If you’re struggling with a patch or patches of itchy, scaly, red and raised skin, you may have dermatitis. The most common type of eczema, dermatitis can be persistent and annoying. Thankfully, treatment is fairly straightforward once you and your dermatologist have explored the cause.
The terms eczema and dermatitis are often considered interchangeable. They can both be used to describe red, inflamed rashes that occur on the skin. While the words generally refer to the same condition, eczema describes the rash itself. The word dermatitis (and other forms of dermatitis, i.e. atopic dermatitis) is used to indicate the cause or nature of the rash. If you’re a bit confused about the name, don’t worry! We will explore and discuss the most common names for and types of dermatitis later on. While your peers and medical experts may use the terms slightly differently, treatment is the same no matter what they call it.
If you’ve ever had a rash following an allergic reaction to a new soap, an insect bite, or chemical exposure, you’ve experienced contact dermatitis. Contact dermatitis is the most common type of eczema and almost everyone has experienced it in some form at least once.
Allergic contact dermatitis refers to eczema caused by allergens. Common allergens that cause eczema are: poison ivy, oak or sumac, certain metals (most commonly nickel), makeup, or latex gloves. With poison ivy and other poisonous plants, nearly everyone has a reaction that results in allergic contact dermatitis, but the severity can vary from person to person. Like any other allergy, the onset can be sudden. Jewellery you’ve used for years can suddenly cause a rash. Likewise with makeup.
The other main type of contact dermatitis is irritant contact dermatitis. This form of dermatitis results from exposure to anything that irritates or can irritate the skin. Diaper rash, acid burn (like that from battery acid), and dry or cracked hands from water contact are all forms of this condition. Contact with pepper spray, bleach, or other toxic substances will result in eczema as well. Generally speaking, nobody thinks of water or food as an irritant, but if your skin is often exposed to the same thing it can cause irritation, no matter how ordinary the substance. If your hands are often wet at work, you may develop dry, irritated, and cracked hands. Occupations like hairdressing, dishwashing or bartending can lead to irritant contact dermatitis.
Atopic dermatitis is something you’re born with. Doctors don’t know exactly why it happens, but it usually affects children and infants under five years old. It’s a very itchy form of eczema and it usually forms in dry areas of the skin (such as in the creases of elbows or knees) but can appear on any dry skin. It seems linked to colder environments, and can last for years. Constant itching can lead to skin infections, thickened patches of skin, and darkened areas of skin.
A very small percentage of adults continue experiencing atopic dermatitis as they age. For most adults, their atopic dermatitis will either completely clear up or grow more mild as they age. In rare cases, the symptoms of atopic dermatitis do not lessen and adults will experience darker patches that can cover more of the body.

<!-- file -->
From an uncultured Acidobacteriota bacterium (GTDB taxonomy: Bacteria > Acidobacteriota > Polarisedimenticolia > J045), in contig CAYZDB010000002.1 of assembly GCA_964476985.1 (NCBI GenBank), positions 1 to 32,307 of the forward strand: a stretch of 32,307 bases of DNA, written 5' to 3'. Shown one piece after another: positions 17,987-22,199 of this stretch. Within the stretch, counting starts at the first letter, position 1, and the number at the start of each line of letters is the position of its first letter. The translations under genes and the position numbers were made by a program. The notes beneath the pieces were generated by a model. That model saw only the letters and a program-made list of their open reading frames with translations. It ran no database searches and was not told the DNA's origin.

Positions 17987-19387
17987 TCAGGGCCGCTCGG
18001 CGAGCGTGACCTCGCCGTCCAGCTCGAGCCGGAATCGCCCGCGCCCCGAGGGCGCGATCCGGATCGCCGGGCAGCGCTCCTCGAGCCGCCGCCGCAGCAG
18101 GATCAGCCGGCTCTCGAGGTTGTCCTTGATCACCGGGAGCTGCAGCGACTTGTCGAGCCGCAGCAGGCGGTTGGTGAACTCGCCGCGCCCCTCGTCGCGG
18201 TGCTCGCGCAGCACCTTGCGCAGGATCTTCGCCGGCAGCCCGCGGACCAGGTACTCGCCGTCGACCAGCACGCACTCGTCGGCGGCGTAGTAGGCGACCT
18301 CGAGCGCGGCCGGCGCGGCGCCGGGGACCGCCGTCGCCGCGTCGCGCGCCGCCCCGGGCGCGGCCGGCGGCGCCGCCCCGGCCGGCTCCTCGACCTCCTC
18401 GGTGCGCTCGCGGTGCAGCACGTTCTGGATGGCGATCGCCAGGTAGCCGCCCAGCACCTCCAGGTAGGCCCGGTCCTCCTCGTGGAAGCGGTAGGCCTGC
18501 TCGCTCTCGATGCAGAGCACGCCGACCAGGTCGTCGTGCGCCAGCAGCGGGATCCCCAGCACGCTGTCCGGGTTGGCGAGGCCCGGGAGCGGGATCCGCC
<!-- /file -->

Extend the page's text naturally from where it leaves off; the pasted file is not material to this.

Another common form of dermatitis is seborrheic dermatitis. While it’s unclear what causes it, experts theorize that it may be linked to a certain type of yeast infection in the skin. People with seborrheic dermatitis experience scaly, red skin and stubborn dandruff. It usually affects oily areas of the body, most commonly the scalp and face. The back and other regions of the skin can be impacted as well.
This type of eczema happens mostly on the hands and feet. Unlike other types of eczema, DE usually results in blisters that give way to red, itchy, and painful skin. This condition usually affects people who work with their hands using tools, or are exposed often to cement, nickel, or other metals. Since blisters are common with dyshidrotic eczema, open skin can develop a staph infection. It’s important to treat the infection and eczema, as eczema will not clear if an infection persists.
Dermatitis cannot be cured, but a dermatologist can employ a broad spectrum of tools to treat the symptoms it presents. Your doctor will assess your symptoms and determine the type of dermatitis you have in order to find the cause. If your eczema is caused by something like poison ivy or other types of contact dermatitis, it will usually resolve with treatment. Other types of dermatitis will respond well to treatment, but can recur with some frequency. To prevent future flare-ups, your dermatologist can also recommend certain lifestyle changes or self-care methods, such as applying non-perfumed moisturizers or avoiding known allergens.
More involved treatments may be used if your dermatitis is severe and/or persistent. Phototherapy sessions or immunosuppressant drugs have been used to safely and effectively treat the symptoms of severe dermatitis.
If you think you may have dermatitis, or if you’re struggling with a stubborn rash, reach out to your dermatologist today.
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